The Golden Calf
by Ilf & Petrov
December 15, 2009
novel | pb | 315 pgs
5.5" x 8.5"
"A remarkably funny book written by a remarkable pair of collaborators."
—New York Times
Ostap Bender, the "grand strategist," is a con man on the make in the Soviet Union during the New Economic Policy (NEP) period. He’s obsessed with getting one last big score—a few hundred thousand will do—and heading for Rio de Janeiro, where there are "a million and a half people, all of them wearing white pants, without exception."
When Bender hears the story of Alexandr Koreiko, an "undercover millionaire"—no Soviet citizen was allowed to openly hoard so much capital—the chase is on. Koreiko has made his millions by taking advantage of the wide-spread corruption and utter chaos of the NEP, all while serving quietly as an accountant at a government office and living on 46 rubles a month. He's just waiting for the Soviet regime to collapse so he can make use of his stash, which he keeps hidden away in a suitcase.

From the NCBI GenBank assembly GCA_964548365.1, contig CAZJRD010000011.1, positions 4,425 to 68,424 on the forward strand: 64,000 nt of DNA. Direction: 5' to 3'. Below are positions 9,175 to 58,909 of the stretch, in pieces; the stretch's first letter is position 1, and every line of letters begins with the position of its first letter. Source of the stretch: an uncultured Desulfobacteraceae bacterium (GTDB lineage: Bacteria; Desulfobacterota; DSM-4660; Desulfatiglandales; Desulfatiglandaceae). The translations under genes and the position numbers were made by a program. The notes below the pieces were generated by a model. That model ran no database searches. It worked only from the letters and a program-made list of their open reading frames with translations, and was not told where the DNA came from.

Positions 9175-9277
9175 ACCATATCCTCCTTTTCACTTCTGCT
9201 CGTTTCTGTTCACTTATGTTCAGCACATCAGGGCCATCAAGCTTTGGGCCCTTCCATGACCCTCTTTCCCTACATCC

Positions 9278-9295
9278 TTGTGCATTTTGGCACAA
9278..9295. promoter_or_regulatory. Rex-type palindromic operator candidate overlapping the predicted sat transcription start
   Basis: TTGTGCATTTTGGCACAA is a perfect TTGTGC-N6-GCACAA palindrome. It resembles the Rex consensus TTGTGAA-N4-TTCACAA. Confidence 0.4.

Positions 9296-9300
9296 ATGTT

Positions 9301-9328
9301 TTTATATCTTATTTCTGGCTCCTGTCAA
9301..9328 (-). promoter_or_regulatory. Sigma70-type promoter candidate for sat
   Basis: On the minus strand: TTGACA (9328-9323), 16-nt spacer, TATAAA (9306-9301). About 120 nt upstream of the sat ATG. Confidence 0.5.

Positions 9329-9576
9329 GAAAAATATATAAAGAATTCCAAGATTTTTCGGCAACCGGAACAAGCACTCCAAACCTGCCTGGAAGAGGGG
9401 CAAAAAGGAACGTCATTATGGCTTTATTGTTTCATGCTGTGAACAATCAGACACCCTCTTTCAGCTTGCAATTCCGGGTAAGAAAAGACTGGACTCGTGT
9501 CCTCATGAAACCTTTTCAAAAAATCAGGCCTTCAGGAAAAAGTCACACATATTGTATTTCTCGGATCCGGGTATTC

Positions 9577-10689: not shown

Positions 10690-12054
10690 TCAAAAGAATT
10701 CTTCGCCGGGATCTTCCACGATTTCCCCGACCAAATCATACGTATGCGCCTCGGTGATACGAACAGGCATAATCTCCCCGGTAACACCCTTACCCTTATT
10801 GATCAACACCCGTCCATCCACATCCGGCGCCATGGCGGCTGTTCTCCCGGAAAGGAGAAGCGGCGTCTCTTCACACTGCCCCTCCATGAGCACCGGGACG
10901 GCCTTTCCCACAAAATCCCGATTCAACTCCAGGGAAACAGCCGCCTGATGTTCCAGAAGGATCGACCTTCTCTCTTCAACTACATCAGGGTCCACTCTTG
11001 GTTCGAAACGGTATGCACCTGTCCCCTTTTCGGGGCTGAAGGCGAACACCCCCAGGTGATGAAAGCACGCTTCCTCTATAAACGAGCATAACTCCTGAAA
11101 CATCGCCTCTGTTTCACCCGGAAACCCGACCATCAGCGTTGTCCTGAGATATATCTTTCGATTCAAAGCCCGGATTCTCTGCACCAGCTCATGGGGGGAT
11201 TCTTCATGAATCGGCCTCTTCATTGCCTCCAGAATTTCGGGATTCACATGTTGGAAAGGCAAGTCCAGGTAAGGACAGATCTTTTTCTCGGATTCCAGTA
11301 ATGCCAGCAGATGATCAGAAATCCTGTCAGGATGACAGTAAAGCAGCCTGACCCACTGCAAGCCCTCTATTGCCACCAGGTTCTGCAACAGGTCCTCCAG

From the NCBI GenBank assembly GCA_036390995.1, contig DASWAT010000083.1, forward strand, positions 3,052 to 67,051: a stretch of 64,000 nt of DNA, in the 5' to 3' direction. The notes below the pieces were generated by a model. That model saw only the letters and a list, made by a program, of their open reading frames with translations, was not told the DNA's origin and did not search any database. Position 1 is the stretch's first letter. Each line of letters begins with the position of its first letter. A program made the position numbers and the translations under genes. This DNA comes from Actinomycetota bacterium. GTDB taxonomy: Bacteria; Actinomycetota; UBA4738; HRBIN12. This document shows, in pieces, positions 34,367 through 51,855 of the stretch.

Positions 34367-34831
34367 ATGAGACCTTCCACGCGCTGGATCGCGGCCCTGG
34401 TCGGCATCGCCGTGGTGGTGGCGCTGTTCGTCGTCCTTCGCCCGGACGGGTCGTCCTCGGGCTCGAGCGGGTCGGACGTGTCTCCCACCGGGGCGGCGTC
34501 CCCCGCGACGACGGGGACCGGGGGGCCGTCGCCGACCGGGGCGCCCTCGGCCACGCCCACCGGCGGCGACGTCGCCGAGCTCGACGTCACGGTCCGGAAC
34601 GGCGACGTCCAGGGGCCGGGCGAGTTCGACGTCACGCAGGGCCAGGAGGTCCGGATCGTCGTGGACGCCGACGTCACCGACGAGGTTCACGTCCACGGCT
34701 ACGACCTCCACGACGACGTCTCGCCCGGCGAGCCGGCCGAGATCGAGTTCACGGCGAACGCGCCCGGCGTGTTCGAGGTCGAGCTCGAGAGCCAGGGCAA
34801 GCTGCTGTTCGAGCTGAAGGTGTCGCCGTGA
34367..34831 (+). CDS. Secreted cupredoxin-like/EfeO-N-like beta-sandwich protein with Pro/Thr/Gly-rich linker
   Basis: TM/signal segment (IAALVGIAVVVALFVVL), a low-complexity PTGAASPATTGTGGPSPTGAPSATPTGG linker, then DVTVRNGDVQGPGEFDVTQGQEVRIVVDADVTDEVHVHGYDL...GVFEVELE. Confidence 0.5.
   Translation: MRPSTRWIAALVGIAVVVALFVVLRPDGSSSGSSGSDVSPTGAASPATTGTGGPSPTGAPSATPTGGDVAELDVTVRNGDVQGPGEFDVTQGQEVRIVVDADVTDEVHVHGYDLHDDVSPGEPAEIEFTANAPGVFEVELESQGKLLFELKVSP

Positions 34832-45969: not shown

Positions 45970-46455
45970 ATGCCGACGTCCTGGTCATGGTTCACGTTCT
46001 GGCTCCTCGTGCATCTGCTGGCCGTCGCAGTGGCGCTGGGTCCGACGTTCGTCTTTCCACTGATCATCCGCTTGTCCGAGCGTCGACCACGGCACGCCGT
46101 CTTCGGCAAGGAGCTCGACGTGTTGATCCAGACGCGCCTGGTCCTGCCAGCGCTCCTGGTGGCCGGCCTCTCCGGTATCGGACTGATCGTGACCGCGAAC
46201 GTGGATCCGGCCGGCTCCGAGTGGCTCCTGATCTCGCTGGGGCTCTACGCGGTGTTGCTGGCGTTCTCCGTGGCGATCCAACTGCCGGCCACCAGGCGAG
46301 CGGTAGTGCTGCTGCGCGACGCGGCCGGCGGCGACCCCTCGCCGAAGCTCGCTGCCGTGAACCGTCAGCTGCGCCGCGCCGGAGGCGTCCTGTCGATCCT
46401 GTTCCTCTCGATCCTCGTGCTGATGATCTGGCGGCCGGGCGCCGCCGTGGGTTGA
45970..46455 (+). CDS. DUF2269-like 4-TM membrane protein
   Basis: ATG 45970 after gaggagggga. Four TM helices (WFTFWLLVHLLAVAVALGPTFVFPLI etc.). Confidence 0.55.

Translated from the Russian by Helen Anderson & Konstantin Gurevich
About the Authors: Ilya Ilf (1897–1937) and Evgeny Petrov (1903–1942) were the pseudonyms of Ilya Arnoldovich Faynzilberg and Evgeny Petrovich Katayev, a pair of Soviet writers who met in Moscow in the 1920s while working on the staff of a newspaper that was distributed to railway workers. The foremost comic novelists of the early Soviet Union (invariably referred to as Ilf & Petrov), the pair collaborated together for a dozen years, writing two of the most revered and loved Russian novels, The Twelve Chairsand The Golden Calf, as well as various humorous pieces for Pravda and other magazines. Their collaboration came to an end following the death of Ilya Ilf in 1937—he had contracted tuberculosis while the pair was traveling the United States researching the book that eventually became Little Golden America.
"Ilf and Petrov, two wonderfully gifted writers, decided that if they had a rascal adventurer as protagonist, whatever they wrote about his adventures could not be criticized from a political point of view. . . . Thus Ilf and Petrov . . . managed to publish some absolutely first-rate fiction under that standard of complete independence."